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Lets talk Kudzu!

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  • Lets talk Kudzu!

    Kudzu flames strike Seneca
    No injuries reported from Sunday fire

    By Jon Robertson (Contact / Staff Bio)
    February 10, 2008 - 11:46 p.m. EST


    Seneca firefighters reported to the 700 block of East Main Street to extinguish a kudzu fire Sunday evening.

    SENECA — Burning kudzu sent flames 30 feet into the sky Sunday evening.

    Seneca firefighters, along with four other local agencies and the South Carolina Forestry Commission, reported to the 700 block of East Main Street around 8:20 p.m. Engulfed kudzu spread about 300 yards wide and hit some utility poles, though authorities reported no injuries or structure damage, according to Lieutenant David Wright of Seneca Fire Department.

    Residents in the immediate area received a voluntary evacuation notice while firefighters spent half-an-hour controlling the flames, Wright said. Those residents were safe to return soon after the incident.

    Firefighters from Friendship, Corinth-Shiloh, Keowee, and Crossroads were on the scene. Forestry Commission members were in the area that day on standby due to high risk for wildfires, according to Wright.

    “Wind was the biggest problem,” Wright said, describing the need for outside assistance. “If it hadn’t been for the wind, we could have handled it, no problem.”

    Local authorities are investigating the incident, as no cause was determined Sunday night.

    Kudzu is becoming a big problem also in Eastern Kentucky as a fuel for wildfires.Where and when they this non-native plant find its way to the states.I believe it to be non-native.Any information available on how to stop this vine from taking over.Kudzu as a wildfire fuel sure changes the ball game for us ground pounders.It's a ready made ladder fuel.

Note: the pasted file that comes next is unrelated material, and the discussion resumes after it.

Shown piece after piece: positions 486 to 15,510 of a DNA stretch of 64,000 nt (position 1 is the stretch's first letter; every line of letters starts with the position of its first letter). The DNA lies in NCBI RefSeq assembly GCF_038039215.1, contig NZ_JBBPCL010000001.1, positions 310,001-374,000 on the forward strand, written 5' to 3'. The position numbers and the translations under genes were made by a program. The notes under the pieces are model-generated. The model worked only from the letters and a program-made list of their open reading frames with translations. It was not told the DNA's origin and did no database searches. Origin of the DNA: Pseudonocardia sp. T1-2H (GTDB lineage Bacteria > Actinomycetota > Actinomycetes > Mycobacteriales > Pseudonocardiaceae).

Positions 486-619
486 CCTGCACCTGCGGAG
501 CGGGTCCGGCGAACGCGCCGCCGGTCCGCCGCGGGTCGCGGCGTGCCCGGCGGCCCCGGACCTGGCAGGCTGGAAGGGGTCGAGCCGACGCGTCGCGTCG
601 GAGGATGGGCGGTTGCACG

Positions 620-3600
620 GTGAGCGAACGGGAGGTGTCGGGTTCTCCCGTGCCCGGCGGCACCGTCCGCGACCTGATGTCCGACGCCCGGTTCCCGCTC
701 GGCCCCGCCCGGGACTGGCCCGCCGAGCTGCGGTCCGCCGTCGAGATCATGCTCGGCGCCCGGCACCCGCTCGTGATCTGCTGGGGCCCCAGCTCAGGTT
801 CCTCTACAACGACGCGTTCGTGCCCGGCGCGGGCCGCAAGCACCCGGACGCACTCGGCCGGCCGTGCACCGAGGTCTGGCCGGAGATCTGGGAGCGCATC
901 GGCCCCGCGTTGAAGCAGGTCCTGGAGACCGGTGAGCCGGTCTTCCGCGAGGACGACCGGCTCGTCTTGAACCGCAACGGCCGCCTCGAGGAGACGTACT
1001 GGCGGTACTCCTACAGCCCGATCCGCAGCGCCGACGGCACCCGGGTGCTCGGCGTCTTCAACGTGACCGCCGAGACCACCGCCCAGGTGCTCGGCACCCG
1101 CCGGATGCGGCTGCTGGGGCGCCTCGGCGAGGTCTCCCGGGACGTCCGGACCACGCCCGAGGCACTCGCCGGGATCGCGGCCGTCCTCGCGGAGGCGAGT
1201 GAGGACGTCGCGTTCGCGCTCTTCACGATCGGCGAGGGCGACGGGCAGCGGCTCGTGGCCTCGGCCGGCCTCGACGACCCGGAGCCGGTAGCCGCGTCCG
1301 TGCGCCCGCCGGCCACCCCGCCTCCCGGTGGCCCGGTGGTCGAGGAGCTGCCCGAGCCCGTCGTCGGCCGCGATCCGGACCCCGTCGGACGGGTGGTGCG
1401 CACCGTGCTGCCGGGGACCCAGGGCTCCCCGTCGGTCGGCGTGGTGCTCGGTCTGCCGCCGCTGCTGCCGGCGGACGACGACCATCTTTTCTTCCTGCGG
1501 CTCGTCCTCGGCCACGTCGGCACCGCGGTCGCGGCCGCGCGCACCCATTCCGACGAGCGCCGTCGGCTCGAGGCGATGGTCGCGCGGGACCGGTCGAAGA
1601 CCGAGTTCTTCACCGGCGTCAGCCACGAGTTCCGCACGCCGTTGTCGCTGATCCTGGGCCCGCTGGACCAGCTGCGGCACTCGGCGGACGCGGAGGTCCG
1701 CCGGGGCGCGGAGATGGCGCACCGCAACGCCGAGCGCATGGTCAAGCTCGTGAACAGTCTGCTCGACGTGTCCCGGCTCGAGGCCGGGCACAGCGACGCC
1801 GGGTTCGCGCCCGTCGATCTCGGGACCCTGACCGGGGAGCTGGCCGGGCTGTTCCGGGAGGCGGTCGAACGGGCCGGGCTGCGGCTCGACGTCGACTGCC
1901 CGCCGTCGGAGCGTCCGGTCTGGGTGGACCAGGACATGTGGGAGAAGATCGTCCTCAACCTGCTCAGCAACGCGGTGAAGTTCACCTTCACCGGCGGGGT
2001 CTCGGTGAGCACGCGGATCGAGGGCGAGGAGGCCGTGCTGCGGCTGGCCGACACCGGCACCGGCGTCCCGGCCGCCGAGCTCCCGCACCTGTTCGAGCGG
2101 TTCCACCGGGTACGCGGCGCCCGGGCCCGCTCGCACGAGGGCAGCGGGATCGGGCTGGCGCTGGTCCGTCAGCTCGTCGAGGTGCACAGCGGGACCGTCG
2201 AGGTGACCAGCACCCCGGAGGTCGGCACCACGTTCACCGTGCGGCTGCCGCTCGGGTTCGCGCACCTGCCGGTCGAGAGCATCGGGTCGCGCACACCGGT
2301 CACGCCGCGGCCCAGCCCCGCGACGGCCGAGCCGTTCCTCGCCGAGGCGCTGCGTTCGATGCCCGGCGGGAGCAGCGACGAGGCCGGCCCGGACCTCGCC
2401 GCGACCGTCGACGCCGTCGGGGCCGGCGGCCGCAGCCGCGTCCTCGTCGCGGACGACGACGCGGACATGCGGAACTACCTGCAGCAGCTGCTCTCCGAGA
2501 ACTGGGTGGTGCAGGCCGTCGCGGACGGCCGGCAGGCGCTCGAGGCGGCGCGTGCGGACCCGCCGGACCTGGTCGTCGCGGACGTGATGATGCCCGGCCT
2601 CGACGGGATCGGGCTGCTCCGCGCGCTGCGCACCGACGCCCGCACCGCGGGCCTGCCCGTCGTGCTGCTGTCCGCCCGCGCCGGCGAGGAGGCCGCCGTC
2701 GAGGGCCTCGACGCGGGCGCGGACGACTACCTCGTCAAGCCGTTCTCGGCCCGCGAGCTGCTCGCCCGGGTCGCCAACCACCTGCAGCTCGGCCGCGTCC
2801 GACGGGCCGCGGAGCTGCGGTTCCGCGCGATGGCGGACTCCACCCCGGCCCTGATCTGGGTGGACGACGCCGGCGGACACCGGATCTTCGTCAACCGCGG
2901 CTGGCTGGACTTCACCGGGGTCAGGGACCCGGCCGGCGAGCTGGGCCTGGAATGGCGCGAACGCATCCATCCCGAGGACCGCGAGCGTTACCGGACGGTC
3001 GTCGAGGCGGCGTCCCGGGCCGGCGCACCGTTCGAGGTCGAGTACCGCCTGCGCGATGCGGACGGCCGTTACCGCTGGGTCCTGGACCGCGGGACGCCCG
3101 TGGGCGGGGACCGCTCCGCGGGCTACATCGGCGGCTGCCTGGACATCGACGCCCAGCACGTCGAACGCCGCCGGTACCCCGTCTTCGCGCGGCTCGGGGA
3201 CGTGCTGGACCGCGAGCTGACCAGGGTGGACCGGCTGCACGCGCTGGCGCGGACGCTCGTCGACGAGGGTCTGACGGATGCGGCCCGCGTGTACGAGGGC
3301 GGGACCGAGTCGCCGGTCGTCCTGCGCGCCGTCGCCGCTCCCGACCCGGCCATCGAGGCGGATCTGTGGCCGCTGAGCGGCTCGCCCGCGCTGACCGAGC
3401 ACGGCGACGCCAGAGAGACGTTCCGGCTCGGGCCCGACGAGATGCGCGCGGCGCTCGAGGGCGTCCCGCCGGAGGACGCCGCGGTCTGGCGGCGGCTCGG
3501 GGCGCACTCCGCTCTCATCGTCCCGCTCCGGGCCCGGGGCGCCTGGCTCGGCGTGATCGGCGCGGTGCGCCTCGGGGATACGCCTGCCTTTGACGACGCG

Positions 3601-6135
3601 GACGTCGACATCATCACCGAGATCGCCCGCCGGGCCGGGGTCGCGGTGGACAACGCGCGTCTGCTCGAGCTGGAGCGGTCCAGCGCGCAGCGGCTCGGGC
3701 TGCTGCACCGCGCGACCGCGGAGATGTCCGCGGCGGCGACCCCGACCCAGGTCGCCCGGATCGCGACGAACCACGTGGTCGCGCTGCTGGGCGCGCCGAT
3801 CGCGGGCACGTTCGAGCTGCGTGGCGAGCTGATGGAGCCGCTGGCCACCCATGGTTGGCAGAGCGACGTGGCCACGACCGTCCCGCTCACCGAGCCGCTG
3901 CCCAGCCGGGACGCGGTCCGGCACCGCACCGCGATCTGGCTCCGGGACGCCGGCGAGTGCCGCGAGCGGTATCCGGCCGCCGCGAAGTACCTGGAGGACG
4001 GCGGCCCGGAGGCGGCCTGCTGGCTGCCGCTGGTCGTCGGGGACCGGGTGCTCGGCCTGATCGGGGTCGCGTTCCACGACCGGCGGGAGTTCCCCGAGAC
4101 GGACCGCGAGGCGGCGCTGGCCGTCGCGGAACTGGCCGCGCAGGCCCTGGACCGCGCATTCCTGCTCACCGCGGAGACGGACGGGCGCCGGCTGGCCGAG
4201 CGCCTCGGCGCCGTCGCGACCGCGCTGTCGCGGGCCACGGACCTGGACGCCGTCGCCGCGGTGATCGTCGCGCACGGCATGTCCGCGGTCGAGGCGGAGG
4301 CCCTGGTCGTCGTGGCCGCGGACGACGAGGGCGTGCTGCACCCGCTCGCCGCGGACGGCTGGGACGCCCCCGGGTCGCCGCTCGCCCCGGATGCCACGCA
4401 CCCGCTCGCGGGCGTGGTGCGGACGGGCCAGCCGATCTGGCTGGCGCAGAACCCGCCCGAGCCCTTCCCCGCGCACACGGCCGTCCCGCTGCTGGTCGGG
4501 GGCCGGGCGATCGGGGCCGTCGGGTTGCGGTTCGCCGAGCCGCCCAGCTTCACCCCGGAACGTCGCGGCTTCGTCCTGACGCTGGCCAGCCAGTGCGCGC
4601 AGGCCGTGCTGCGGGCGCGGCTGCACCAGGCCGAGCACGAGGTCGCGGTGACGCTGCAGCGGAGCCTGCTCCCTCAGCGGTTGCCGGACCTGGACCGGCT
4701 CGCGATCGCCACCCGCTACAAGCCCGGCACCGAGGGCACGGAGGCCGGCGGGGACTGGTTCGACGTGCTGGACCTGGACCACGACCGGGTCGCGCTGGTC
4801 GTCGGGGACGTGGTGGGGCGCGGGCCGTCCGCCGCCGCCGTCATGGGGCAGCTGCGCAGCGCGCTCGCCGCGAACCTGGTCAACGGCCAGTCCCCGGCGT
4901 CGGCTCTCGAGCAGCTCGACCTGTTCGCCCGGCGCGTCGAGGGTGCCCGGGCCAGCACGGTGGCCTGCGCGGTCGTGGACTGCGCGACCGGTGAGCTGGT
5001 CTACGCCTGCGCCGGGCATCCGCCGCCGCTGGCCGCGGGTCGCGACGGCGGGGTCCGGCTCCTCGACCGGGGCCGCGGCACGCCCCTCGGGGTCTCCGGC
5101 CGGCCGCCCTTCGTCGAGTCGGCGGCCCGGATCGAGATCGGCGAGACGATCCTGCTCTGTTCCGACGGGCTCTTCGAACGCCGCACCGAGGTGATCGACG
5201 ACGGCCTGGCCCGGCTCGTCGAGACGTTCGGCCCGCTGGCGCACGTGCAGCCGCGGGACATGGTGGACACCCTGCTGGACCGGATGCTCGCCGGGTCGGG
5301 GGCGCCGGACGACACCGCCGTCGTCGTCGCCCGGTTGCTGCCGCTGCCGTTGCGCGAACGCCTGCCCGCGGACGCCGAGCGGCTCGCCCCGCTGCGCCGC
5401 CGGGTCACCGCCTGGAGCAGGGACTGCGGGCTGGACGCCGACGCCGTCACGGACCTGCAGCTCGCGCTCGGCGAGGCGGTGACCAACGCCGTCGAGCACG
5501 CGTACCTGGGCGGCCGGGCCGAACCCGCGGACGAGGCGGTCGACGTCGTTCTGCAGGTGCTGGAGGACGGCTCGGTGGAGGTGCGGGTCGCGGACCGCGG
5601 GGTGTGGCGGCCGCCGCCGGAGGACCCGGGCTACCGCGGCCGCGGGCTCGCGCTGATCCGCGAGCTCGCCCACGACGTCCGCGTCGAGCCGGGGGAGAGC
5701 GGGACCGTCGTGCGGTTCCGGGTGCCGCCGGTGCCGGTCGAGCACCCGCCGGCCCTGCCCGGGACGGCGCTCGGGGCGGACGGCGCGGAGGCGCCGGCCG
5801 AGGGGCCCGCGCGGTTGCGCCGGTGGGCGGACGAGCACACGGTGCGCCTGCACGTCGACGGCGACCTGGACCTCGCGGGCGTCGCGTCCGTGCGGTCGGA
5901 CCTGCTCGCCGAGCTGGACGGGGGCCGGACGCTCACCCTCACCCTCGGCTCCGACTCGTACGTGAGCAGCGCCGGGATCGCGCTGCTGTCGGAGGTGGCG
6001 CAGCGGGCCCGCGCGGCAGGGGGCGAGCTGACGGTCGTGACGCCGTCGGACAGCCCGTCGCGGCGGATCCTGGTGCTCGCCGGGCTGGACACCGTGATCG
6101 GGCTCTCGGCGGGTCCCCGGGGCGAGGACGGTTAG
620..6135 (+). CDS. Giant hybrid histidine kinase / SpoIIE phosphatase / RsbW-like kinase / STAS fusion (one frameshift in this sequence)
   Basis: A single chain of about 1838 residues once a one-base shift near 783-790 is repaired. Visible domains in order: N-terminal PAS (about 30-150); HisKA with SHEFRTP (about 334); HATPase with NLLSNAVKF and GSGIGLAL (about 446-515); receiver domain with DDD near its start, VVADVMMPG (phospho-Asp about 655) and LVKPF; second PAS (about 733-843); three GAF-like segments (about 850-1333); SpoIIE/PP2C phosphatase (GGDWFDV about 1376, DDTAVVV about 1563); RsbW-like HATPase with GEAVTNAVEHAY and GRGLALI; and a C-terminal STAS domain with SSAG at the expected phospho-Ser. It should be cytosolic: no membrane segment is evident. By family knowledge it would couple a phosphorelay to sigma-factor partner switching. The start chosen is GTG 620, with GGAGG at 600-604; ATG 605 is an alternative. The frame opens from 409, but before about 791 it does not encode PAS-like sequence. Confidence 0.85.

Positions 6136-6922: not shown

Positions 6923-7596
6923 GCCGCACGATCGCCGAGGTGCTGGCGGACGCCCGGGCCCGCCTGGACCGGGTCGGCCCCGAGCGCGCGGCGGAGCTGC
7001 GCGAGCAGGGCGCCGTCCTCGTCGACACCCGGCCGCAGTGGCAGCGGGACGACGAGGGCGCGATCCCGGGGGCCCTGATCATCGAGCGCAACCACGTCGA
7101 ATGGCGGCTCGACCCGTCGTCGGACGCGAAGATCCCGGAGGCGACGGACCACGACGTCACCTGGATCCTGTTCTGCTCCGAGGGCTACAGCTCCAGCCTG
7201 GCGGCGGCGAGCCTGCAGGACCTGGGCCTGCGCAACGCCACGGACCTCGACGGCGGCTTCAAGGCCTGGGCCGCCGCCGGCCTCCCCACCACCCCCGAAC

Attached Files
    Last edited by coldfront; 02-11-2008, 11:00 PM.
    Always a day late and a dollar short!

    Hillbilly Irish!

  • #2
    Well for starters:

    Kudzu information

    Invasive doesn't begin to describe this stuff. A farmer/firefighter friend of mine once commented that he would kill a man who deliberately planted kudzu on one of his fields. He was only half kidding.

    One discrepancy I noticed in the link regards the use of kudzu for erosion control. As a legume, it tends to loosen soil and accelerates rather than controls erosion.

    Another friend who used to work for the TN Division of Forestry relayed a story about fighting a wildland fire in kudzu along the Mississippi River bluffs in NW Tennessee. One of their firefighters was dragging line when he disappeared from view. He had plunged through kudzu that had bridged an erosion ravine that was close to 80 ft. deep! He was dangling from the hose and they were able to pull him to safety without injury. Beware in hill country!

    Natchez Trace State Park in Tennessee has done some pretty serious kudzu abatement and might have good information, as would state ag. extension services if you are considering that route.

    Good luck with your research.
    ullrichk
    a.k.a.
    perfesser

    a ship in a harbor is safe. . . but that's not what ships are for

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